The BBC, box-ticking, and Gabby Logan on Match Of The Day 3

The Premier League Owl

Gary Lineker didn’t anchor Match Of The Day on Saturday night, and so Gabby Logan took over presenting duties for the week. To be cynical, the use of Logan in that role was akin to the BBC screaming ‘look, we’re letting a woman do it!’

Logan is a decent enough presenter, but she didn’t seem terribly comfortable in the presenting chair and her interaction with Mick McCarthy and Alan Hansen was fairly benign. None of that has anything to do with her gender, she’s merely the wrong person for that job.

Whilst the BBC executives are doubtless feeling terribly smug about the demonstration of equality, they’re probably failing to realise that they’re accentuating the negative here. They suffered a lot of blowback for their all-male shortlist for the Sports Personality Of The Year award in 2011, but simply crowbarring a woman into prominence for the sake of it is really to nobody’s benefit – decisions like this should be gender-irrelevant, and made purely on the basis of talent.

If a predominantly male audience is watching Match Of The Day or any other headline sporting event, and perceives that the coverage is being diluted to suit having a female influence involved, then nobody wins – ugly stereotypes fester, and progress towards a genuinely level playing field slows.

The question the BBC should be asking themselves is not: ‘how can we use Gabby Logan’, but rather: ‘where are the next generation of female sportscasters’. Doesn’t it seem strange that while lanky personality vacuums like Jake Humphrey can be plucked liberally off the trees, there are no obvious candidates to follow in Clare Balding’s footsteps?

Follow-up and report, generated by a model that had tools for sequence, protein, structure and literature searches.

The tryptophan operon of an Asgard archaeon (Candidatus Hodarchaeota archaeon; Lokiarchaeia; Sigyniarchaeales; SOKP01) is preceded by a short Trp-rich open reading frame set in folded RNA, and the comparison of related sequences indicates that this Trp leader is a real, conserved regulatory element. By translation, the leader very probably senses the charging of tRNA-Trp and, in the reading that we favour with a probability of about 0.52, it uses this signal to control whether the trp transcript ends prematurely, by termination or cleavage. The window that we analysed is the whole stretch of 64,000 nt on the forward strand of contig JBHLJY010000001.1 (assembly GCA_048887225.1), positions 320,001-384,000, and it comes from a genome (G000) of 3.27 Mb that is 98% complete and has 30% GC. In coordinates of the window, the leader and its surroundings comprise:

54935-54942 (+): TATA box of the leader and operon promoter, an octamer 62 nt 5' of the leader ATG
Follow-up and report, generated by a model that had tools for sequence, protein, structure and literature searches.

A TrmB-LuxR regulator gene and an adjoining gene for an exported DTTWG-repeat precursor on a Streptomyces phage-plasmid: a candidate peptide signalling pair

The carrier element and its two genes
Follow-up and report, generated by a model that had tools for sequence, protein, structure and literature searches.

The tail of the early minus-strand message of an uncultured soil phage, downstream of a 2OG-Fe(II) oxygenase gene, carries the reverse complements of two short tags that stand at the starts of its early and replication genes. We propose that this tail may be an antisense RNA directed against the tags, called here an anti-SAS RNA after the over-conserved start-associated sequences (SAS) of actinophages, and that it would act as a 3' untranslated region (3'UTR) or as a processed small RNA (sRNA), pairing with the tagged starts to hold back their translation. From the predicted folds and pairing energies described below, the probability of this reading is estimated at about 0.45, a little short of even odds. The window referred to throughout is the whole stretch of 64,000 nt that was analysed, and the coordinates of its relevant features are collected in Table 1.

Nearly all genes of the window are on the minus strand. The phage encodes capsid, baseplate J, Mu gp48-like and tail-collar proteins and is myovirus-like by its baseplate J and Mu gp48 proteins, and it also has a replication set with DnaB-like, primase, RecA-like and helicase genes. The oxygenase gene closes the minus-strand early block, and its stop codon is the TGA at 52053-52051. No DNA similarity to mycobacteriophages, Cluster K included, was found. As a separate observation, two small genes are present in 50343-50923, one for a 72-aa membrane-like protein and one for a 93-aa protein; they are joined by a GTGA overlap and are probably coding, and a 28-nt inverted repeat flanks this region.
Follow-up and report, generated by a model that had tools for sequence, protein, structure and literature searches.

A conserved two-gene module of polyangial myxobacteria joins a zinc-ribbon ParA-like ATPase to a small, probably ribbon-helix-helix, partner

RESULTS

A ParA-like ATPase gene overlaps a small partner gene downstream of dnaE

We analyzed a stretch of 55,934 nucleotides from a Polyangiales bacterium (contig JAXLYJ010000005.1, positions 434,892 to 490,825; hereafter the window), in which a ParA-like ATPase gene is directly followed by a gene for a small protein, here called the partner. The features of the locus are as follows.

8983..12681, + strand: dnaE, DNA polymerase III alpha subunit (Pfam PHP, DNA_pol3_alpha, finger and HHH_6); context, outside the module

Gabby Logan is a good journalist, and she’s put together a solid career – but wouldn’t it be nice to have a woman given these opportunities who isn’t the daughter of a former football manager and who isn’t married to an ex-international rugby player? Logan hasn’t kept her job because of her family, but that doesn’t really matter so long as the perception remains that she has done.

As ever with the BBC and their approach to anything of social importance, they just don’t seem to get it – ill-fitting and overly-simplistic solutions to complex problems. The net result? Very little actual progress.

The BBC isn’t the only channel guilty of this, because it’s a industry wide issue – and no Sky Sports, having Amazonian-Goddesses presenting on your news channel doesn’t count as ‘opening up opportunities’, because all that actually says is that ‘yes, you’re equal – but only if men want to look at you’. This is Stoneage stuff, and it’s still worryingly prevalent.

No more quick fixes for the sake of appearances.

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